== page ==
The biggest challenge in the last few years has been the detours in place for the construction of the LRT.  Many factors affect the on-time performance of buses – some of the Bus Rapid Transit (BRT) lanes were removed for LRT construction, mixing buses in with regular traffic.  Weather, a traffic incident, illegal stopping by cars, will all affect service reliability. Scrimgeour adds, “In addition to these potential delays, there can also be delays when buses are travelling out of service through those areas in order to be positioned for their next trip. Unexpected delays in those areas can have a knock-on effect on subsequent trips made by the same bus. In practice, this has meant that buses serving the east are commonly delayed throughout the morning peak period and late in the afternoon peak period, and buses serving the west are commonly delayed late in the morning peak period and throughout the afternoon peak period. These possible delays are on top of the longer travel times buses experience over the detour routes. Staff are monitoring and reacting to these delays as they occur, but we certainly recognize that the current reliability of OC Transpo service does not meet our customers’ expectations.”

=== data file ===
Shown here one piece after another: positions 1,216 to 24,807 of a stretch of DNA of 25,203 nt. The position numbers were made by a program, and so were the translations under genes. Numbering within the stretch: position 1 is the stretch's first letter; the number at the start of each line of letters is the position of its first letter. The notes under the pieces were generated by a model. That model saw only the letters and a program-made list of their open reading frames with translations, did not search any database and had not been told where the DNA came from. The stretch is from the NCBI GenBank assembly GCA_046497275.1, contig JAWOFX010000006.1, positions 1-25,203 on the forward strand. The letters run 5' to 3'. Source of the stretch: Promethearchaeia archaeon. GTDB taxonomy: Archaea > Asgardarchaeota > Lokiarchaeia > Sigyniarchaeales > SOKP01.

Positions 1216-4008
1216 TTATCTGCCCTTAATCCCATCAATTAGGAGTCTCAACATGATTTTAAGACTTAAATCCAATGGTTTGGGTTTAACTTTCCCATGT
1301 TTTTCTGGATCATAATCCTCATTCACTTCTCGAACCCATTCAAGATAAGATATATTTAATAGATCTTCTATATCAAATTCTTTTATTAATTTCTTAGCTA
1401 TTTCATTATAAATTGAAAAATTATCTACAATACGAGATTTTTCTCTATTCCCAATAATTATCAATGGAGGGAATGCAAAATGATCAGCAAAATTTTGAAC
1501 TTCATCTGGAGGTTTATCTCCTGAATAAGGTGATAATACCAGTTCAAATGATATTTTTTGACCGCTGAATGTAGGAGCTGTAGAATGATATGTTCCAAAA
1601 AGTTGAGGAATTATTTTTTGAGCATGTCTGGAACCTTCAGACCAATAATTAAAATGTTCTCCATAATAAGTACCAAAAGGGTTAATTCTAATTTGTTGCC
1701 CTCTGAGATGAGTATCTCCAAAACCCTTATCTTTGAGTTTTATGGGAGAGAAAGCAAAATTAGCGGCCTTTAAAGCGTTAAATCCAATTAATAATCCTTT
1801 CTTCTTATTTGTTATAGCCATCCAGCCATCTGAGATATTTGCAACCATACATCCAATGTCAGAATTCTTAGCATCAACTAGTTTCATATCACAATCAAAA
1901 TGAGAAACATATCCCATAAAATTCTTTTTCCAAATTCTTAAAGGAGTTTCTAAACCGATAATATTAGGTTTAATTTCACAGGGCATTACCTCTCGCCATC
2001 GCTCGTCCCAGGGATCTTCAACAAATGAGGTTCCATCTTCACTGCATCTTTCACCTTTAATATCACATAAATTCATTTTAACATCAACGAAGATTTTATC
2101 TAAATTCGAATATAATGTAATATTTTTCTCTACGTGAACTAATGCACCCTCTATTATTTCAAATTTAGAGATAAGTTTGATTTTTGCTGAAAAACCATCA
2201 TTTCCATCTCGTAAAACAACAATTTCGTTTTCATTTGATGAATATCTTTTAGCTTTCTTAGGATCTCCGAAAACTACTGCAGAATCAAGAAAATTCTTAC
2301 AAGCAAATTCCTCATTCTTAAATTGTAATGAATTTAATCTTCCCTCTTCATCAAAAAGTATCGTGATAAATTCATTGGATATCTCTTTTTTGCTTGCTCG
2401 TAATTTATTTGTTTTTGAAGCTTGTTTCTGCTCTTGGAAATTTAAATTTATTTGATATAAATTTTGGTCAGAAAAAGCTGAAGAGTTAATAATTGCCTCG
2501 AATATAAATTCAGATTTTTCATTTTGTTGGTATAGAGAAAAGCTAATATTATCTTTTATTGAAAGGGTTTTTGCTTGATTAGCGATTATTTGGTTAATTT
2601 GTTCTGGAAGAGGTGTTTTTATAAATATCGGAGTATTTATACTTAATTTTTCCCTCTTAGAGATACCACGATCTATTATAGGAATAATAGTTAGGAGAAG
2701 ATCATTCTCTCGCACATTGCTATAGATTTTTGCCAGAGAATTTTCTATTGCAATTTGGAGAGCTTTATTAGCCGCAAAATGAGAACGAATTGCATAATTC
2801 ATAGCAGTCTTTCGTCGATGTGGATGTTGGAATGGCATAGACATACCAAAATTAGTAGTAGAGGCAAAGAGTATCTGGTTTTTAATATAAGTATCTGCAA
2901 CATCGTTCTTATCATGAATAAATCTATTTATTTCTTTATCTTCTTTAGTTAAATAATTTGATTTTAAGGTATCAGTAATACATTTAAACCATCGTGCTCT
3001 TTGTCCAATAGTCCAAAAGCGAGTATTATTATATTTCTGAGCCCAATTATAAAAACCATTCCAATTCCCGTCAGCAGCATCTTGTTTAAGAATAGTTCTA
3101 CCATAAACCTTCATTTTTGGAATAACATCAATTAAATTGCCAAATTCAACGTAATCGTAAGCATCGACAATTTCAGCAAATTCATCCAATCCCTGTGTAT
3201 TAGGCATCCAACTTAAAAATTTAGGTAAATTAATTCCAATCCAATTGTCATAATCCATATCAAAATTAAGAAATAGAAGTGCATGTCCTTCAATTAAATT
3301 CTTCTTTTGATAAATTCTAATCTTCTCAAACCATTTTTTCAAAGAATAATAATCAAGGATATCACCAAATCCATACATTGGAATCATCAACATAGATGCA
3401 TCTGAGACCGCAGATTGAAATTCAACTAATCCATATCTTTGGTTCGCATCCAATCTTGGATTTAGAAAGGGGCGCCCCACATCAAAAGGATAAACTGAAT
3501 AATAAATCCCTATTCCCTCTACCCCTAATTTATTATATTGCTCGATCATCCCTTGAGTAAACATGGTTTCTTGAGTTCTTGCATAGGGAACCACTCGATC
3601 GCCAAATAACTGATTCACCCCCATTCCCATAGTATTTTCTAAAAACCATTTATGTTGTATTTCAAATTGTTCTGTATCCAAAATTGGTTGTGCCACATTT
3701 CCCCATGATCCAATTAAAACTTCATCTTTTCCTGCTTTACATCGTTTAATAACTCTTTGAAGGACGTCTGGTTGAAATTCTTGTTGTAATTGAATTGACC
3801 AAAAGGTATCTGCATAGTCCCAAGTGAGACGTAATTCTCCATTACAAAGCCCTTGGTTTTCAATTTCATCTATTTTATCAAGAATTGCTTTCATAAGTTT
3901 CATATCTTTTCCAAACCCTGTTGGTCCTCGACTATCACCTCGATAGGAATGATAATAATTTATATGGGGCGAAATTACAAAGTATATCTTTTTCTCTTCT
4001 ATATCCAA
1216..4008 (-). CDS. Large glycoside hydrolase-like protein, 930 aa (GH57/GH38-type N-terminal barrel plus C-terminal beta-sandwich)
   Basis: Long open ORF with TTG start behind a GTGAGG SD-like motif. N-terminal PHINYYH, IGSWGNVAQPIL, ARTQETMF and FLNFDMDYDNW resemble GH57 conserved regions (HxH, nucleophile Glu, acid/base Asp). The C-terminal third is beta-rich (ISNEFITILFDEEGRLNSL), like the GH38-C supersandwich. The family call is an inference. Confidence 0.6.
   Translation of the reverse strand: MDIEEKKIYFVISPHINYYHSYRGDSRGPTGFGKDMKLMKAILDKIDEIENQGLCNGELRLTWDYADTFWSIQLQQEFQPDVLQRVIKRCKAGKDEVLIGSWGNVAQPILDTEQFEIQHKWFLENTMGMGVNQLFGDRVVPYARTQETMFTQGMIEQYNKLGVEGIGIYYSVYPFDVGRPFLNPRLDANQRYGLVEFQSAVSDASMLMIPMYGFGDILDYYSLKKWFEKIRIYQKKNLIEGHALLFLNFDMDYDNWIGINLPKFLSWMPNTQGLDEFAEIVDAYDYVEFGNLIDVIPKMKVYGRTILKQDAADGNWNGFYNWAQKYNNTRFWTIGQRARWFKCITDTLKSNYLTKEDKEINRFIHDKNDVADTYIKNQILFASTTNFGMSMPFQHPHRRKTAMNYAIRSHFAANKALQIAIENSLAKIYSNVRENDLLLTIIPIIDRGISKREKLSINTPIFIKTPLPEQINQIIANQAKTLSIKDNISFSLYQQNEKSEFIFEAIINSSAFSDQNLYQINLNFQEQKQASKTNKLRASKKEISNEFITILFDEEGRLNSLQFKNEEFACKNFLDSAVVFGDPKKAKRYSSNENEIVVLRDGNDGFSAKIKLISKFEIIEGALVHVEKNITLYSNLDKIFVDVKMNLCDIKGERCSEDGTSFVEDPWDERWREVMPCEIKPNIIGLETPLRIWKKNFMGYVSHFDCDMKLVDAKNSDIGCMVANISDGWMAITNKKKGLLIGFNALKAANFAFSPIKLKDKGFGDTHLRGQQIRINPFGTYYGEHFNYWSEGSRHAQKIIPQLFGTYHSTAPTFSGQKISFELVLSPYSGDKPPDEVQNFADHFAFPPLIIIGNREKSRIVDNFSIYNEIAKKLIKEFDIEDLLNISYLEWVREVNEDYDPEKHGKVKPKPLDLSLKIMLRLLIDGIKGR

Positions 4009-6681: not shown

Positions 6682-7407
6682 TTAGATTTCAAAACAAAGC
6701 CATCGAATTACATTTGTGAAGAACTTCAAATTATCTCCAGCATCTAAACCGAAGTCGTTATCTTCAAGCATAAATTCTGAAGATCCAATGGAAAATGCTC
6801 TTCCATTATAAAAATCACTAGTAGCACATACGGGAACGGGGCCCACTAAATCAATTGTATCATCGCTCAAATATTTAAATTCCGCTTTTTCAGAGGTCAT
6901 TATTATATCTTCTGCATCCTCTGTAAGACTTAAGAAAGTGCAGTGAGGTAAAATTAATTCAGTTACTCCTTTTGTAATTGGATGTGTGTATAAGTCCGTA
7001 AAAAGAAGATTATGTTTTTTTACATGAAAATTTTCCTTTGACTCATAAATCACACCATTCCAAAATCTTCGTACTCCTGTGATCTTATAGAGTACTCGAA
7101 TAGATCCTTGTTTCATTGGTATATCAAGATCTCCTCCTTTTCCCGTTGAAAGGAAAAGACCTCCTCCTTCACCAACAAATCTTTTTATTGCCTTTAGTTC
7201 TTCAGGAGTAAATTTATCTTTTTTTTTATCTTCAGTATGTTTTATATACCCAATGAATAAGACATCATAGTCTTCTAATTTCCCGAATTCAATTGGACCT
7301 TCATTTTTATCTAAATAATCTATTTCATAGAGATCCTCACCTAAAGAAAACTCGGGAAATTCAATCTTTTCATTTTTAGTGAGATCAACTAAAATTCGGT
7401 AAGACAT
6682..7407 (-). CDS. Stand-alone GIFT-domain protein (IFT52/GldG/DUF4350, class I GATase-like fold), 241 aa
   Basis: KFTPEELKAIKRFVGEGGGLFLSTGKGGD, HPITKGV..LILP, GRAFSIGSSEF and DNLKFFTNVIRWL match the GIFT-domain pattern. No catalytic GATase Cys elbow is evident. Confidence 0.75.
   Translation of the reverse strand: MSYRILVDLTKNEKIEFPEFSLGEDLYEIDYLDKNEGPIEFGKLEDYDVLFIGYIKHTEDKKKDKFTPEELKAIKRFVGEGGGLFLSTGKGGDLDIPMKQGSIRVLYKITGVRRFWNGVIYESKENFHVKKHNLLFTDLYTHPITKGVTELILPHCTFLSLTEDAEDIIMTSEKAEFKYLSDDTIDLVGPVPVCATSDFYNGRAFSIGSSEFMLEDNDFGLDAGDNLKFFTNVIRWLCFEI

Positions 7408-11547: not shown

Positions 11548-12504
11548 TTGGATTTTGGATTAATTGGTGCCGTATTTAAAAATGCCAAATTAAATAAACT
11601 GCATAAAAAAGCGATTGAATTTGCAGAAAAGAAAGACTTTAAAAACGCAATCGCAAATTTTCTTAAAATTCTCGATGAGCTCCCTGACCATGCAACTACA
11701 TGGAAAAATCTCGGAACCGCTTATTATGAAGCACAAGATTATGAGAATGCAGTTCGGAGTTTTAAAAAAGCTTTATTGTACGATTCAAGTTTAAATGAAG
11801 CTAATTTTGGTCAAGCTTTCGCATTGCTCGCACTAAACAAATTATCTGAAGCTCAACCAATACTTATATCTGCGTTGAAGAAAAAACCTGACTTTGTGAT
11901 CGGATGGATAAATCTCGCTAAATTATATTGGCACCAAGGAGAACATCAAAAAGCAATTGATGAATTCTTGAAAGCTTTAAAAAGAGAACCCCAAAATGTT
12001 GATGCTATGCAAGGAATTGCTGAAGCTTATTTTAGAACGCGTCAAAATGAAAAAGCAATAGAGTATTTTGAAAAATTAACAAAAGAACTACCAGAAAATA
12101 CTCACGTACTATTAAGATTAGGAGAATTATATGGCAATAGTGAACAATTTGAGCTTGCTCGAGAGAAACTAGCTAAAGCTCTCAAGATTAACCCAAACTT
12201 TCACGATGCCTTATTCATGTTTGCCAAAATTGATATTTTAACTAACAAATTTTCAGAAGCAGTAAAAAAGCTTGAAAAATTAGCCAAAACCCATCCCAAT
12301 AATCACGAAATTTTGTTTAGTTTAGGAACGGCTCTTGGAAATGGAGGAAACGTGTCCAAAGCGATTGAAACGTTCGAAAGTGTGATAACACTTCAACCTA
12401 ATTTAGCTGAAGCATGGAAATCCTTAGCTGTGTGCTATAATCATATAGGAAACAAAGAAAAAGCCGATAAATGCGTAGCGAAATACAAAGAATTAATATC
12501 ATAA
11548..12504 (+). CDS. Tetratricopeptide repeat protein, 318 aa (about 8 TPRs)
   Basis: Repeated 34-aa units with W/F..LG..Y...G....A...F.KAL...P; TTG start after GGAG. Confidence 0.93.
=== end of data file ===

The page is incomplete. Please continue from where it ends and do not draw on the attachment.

With the opening of O-Train Line 1, Confederation Line, reliability will vastly improve.  The train will replace buses on the downtown Transitway, and the delays that are occurring downtown and/or on detour routes will no longer occur. Just like construction and detours have a negative domino effect on bus reliability, the reverse will be true once buses will be taken out of the downtown core.

As transit improves in the near future, it still leaves the issue of moving in/out/through Barrhaven.  With a population of 90 000 and growing, our infrastructure has not been able to accommodate residents who live, work and play in our community.  Along with the Barrhaven Business Improvement Area (BBIA), I have initiated a strategic group that aims to highlight transportation issues and the gap between development and planning infrastructure and funding affecting Barrhaven.  This partnership of City and business, Move/Barrhaven/Avance, is looking at both the short term and long term issues, including but not limited to, safety at rail crossings, transit service, and pedestrian/cycling travel, and getting in and out of Barrhaven.

With the Transportation Master Plan being reviewed this term of Council, now is the time to get all of Barrhaven involved. Your voice must be heard if we are to get Barrhaven transportation issues at the forefront and get the funding necessary to solve some of the issues.  Along with the BBIA, I am hosting a town hall forum on January 29th to discuss the upcoming City plans for Barrhaven, LRT Environmental Assessment, infrastructure and much more.  I encourage you to attend if you can.  Please contact my office at jan.harder@ottawa.ca for more details.